MANILA – Malacañang on Monday rejected the claim by human rights group Karapatan that the country is currently experiencing a “de facto martial law” under the leadership of President Rodrigo Duterte.
In a virtual presser, Presidential Spokesperson Harry Roque said the situation under Duterte administration is very different from the martial law declared by former President Ferdinand Marcos in 1972.
Martial law under Marcos is considered one of the darkest chapters of Philippine history.
He cited lessons he learned as a law student in the University of the Philippines.
“Ay, naku po. Alam ninyo po, ako lumaki ako sa martial law, nag-law school po ako. Walang Saligang Batas, freedom Constitution lamang (You know, I grew up during martial law, I studied law. There was only a freedom Constitution before),” he said.
He claimed that the President no longer has the power to shut down Congress and Supreme Court.
“Ang masasabi ko po ibang-iba na po ang konteksto ngayon, dati-rati po naisasara ang Kongreso, naisasara ang Supreme Court. Ngayon po, wala nang ganiyang kapangyarihan ang Presidente (What I can say is the context is different now. Before, the Congress and Supreme Court were shut down. But now, the President does not have that power),” he said.
Because Filipinos have learned the lessons of martial law, Roque said the declaration of martial law can now be questioned before the Congress and courts.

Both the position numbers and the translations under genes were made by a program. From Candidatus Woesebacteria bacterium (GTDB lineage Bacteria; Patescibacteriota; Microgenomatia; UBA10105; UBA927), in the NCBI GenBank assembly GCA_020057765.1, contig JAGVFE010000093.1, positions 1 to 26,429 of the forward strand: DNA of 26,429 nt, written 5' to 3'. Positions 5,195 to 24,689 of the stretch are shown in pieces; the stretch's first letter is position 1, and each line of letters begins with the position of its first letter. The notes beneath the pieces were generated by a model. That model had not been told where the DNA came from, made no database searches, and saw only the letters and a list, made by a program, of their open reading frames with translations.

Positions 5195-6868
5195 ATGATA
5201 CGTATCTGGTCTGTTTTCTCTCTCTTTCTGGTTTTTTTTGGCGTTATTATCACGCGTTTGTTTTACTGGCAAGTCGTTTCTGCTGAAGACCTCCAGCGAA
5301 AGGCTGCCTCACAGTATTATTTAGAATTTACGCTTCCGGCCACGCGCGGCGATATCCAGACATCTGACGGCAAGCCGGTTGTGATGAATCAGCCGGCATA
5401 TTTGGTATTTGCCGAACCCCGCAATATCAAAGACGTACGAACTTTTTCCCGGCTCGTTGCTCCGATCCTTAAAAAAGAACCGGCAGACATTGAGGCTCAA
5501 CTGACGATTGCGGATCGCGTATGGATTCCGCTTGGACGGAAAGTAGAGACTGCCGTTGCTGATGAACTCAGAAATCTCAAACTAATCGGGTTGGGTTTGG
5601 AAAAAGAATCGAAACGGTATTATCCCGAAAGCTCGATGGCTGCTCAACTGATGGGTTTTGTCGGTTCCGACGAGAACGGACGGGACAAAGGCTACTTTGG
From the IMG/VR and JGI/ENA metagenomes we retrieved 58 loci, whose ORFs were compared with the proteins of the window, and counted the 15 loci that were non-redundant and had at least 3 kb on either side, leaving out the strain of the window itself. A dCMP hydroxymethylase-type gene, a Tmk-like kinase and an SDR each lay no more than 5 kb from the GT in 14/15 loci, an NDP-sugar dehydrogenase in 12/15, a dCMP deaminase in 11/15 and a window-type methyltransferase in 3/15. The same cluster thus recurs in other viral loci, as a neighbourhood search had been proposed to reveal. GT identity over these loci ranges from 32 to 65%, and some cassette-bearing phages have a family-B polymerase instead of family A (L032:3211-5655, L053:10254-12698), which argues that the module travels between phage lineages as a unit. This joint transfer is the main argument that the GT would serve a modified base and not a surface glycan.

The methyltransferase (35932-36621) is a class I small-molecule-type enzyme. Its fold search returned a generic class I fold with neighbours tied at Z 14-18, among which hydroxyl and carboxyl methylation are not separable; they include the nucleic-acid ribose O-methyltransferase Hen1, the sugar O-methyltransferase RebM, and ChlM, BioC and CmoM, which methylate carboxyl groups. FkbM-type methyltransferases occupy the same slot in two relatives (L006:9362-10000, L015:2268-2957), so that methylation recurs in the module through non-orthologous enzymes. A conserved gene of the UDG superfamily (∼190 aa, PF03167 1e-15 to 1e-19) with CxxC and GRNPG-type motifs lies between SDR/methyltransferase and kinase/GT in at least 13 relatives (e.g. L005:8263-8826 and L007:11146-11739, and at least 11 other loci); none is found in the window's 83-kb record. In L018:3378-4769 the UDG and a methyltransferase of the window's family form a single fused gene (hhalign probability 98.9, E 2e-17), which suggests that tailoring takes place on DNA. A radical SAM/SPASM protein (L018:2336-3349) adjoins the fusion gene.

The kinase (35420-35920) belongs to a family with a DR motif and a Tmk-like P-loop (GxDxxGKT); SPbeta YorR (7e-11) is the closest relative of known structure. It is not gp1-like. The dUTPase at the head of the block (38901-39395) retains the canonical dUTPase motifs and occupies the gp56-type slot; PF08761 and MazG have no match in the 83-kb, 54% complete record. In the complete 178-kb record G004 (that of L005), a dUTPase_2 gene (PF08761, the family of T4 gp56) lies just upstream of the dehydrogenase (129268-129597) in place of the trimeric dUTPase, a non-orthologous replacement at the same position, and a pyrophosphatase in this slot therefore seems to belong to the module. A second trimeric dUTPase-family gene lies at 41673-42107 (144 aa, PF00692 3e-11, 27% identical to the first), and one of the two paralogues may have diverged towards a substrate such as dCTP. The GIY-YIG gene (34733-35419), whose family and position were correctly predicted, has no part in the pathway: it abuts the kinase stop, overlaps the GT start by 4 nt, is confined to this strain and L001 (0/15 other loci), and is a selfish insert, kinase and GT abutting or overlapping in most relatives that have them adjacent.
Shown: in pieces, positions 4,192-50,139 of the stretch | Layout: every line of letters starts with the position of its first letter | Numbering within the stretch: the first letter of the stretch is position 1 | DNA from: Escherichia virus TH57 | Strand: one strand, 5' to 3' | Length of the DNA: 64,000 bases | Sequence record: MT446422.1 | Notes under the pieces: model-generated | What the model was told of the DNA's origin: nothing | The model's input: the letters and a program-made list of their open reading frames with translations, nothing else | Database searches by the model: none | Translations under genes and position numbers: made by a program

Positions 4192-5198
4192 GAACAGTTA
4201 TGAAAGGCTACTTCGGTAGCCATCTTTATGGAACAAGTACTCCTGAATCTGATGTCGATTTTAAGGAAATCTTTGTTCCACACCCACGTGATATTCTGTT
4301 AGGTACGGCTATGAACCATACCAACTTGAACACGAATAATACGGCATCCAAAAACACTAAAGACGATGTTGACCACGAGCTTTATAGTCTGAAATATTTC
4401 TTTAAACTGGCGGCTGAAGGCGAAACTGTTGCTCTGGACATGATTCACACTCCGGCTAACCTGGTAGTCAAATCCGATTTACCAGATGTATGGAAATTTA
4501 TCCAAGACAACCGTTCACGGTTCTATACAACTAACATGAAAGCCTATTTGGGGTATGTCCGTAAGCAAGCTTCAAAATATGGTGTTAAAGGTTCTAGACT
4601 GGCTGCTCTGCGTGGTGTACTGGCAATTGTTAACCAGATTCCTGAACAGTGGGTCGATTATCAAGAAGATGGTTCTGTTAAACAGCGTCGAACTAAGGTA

“Ang deklarasyon ng martial law ngayon pupuwedeng kuwestiyunin sa Kongreso, pupuwedeng kuwestiyunin sa hukuman dahil nga po natuto na tayo sa mapait na karanasan natin sa martial law noong 1970 (The declaration of martial law can be questioned before the Congress, can be questioned before the courts because we have learned from our bitter experience during the martial law during the 1970s),” he said.
Karapatan, in an earlier statement, claimed quarantine measures imposed to contain the coronavirus disease 2019 (Covid-19) have resulted in a spike in human rights violations. It added that human rights defenders are being illegally arrested on falsified charges or brutally killed.
Last April, Duterte said he might only be compelled to declare martial rule in the event that lawlessness of the communist movement’s armed wing, the New People’s Army (NPA), persists.
He, however, clarified that he never made a pronouncement that he would declare a martial law amid the pandemic. (PNA)